Samoil’s fortress - The Samoil Fortress is mentioned in descriptions in the chronicles dating from 476. Today's Samoil fortress relates to the name of the grand TzarSamoil, who probably extended and built the fortress when he chose it for his seat. Samoil Fortress is the most monumental construction from this period. The fortress today has 18 towers and 4 gates. The central part of the fortress has wall 10 - 16 meters high and it has strong defensive towers, followed by ramparts in direction of the lake. The entire complex is being in reconstruction.
The ancient theater - It was built in 200 B.C.. It is the only Hellenistic theatre in the country (the other three in Scupi, Stobi and Heraklea are from Roman times). It is unclear how many people it used to seat, as only the lower section of the theatre is preserved. The open theater has a perfect location: the two hills that surround it keep it protected from winds that could interfere with acoustics during performances. The Anitque Theatre was actually discovered by accident and, today, hosts various different events and serves multiple functions.
Ohrid’s architecture - The syntagma Ohrid traditional architecture refers to the style of building family houses which was developed in the 18th and 19th centuries due to the fact that, during the Ottoman reign, the Christians were not allowed to build outside the town walls and the lack of the space inside the town walls. The peak ofthe Ohrid traditional architecture certainly is “Kukata naRobevci” – The House of the Robev family. The base is smaller than the upper floors. That’s what makes it unique.
Narrow and steep cobblestone street in Ohrid
The Robev Family House
Lake Shore Sunset
Beaches - Apart from sightseeing, there are a few different natural beaches, usually the further from the city center the more scenic they become, and each offers a unique beach experience. Gradiste beach is known for many young people and music for instance, while others have families or tranquil atmosphere. Beaches are most crowded in July and August, and quiet the rest of the year, which is a whole different experience. Some of the beaches to go are: Labino It's a small, stony beach that is not crowded. The water is clear and refreshing. Best time to go is in the morning. Probably the best beach on Ohrid Lake is Ljubaništa on the South-West side of the lake. The beach is long, sandy with usually clean water. There are a lot of people but you can't feel that since the beach is really big. Best time to go is after 6 PM. A sunset you won't forget.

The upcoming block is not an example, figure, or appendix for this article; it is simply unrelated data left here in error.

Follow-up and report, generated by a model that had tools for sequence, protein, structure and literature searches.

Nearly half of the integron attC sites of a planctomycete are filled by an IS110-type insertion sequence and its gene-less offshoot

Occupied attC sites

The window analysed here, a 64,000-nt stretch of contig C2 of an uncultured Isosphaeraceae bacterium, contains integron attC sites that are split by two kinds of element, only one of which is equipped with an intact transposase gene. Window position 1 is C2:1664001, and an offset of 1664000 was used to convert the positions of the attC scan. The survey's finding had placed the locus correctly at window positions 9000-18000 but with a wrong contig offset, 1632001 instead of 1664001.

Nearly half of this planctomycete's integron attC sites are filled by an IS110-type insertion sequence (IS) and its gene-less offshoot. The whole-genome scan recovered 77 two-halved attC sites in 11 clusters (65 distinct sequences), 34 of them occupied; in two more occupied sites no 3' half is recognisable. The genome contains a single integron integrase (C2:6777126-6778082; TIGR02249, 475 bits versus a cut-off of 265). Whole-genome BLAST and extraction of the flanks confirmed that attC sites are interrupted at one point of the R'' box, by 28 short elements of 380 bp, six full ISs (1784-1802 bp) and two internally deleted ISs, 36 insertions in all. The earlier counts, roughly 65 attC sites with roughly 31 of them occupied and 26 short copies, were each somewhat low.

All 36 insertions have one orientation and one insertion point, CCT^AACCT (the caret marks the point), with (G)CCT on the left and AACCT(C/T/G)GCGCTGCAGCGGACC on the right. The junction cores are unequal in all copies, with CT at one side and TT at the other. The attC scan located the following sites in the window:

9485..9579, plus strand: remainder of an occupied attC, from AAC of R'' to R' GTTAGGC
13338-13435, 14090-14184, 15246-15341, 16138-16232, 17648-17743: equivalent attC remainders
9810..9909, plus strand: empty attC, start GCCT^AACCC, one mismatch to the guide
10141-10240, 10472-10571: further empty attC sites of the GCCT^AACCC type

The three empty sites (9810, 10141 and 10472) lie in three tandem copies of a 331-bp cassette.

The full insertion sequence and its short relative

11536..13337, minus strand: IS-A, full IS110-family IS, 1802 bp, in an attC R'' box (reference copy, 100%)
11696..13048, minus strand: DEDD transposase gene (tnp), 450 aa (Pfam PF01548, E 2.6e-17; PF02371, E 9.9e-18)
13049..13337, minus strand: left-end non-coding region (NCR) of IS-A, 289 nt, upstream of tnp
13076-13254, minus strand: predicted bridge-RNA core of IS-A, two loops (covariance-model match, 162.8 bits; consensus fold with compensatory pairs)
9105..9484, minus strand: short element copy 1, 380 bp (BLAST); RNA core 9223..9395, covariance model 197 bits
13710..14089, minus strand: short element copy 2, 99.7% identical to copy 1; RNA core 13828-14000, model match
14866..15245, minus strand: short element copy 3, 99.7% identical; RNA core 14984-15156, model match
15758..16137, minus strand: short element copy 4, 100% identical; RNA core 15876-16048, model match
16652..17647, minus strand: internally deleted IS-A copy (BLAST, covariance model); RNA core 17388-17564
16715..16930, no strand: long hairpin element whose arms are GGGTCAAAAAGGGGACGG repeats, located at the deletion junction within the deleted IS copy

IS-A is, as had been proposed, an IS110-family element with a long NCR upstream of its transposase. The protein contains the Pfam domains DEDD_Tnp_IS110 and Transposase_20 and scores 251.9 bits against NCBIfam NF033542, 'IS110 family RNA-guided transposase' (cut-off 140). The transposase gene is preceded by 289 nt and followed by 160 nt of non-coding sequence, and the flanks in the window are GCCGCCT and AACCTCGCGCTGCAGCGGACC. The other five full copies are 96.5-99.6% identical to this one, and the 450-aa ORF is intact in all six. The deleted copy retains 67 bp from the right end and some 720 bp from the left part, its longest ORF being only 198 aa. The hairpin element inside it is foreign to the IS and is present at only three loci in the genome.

Paragliding over lake Ohrid and Galicica
Galicica National Park The National park "Galicica" is located between the two ancient Lakes of Ohrid and Prespa. In 1958 it was designated as a National park because of its very high biodiversity, extremely rich flora and fauna and exceptional natural beauty. Take a walk through the grounds of the Park, and at every step you can find rare herbs rich with ethereal oils, colourful carpets of mountain flowers, wild fruits, or you can simply enjoy the serenity and the breathtaking views.